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Not too late to say thanks properly

DEAR MISS MANNERS: When I became engaged, the women of my religious institution (my mother’s contemporaries) held a shower for me, for which I immediately wrote thank-you notes for the luncheon and the gifts.

My husband and I were married by a judge but had a reception several months later in my hometown. While I was mingling with the guests, one of the ladies who had attended the luncheon came up to me and told me, with a smile, that I had written her a thank-you note for the wrong gift (I got you X, and you thanked me for Y) and that she thought I would like to know.

I was mortified, of course. I apologized effusively, said it must have been new-bride idiocy, thanked her for the gift she did give me and retired red-faced.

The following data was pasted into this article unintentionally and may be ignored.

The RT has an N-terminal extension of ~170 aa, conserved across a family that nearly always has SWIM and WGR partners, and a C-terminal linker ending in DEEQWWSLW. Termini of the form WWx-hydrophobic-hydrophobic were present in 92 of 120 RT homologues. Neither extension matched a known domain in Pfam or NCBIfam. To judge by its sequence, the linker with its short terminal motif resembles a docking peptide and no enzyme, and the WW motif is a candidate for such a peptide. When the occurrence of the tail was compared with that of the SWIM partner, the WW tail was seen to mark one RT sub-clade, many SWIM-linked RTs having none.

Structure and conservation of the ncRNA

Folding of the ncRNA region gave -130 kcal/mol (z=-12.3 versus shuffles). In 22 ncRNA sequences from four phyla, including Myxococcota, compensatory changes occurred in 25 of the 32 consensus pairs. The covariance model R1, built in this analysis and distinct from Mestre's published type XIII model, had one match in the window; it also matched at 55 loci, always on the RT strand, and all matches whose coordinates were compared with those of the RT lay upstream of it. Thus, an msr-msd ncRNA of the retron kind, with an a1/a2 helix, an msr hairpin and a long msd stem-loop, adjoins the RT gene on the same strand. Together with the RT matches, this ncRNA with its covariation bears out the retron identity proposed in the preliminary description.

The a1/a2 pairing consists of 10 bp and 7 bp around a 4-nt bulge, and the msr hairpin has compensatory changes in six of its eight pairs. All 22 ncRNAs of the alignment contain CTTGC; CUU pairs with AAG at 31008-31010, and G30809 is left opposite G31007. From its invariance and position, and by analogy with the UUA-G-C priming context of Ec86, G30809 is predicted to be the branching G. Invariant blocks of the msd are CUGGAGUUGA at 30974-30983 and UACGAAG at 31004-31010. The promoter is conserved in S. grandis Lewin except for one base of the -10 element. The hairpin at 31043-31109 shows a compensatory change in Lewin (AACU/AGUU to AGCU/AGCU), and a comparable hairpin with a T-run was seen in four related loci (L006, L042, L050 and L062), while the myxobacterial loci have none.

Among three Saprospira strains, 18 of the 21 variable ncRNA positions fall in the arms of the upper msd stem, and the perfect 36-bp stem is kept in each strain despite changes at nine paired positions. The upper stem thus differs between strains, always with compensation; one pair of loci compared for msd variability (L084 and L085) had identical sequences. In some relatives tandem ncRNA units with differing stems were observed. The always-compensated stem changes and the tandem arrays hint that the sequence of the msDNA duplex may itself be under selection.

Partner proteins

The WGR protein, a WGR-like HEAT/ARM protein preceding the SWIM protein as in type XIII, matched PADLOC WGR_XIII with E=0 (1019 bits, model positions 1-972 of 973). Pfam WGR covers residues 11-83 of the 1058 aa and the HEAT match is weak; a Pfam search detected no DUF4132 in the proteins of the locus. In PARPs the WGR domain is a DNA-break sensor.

It has haunted me since then, and I’ve never seen her afterward without feeling like a fool – and I’ve been married 29 years.

Should I have written her another thank-you note? What would have been the best response? Since no one else mentioned anything, I can only hope that the rest of the notes were accurate. It’s years too late, of course, but I’d love to lay this ghost to rest and feel I acted correctly at the time.

GENTLE READER: Twenty-nine years is a long time to feel like a fool, and Miss Manners would like to offer you some relief. But alas, she cannot bring herself to declare that the fact that the lady already had a (misguided) letter from you, or your including thanks with your embarrassed apology, took the place of a genuine and correct letter of thanks.

You could write quite an amusing letter, but not about your guilt. Rather, you should say that you think you may have finally recovered from the bridal idiocy that made you thank her for the wrong present 29 years ago, and you want to tell her how much you have enjoyed the right one all this time.

Then, perhaps, you can get a good night’s sleep. Just please include specific details, or your benefactor will be up all night trying to remember what on earth she gave you.



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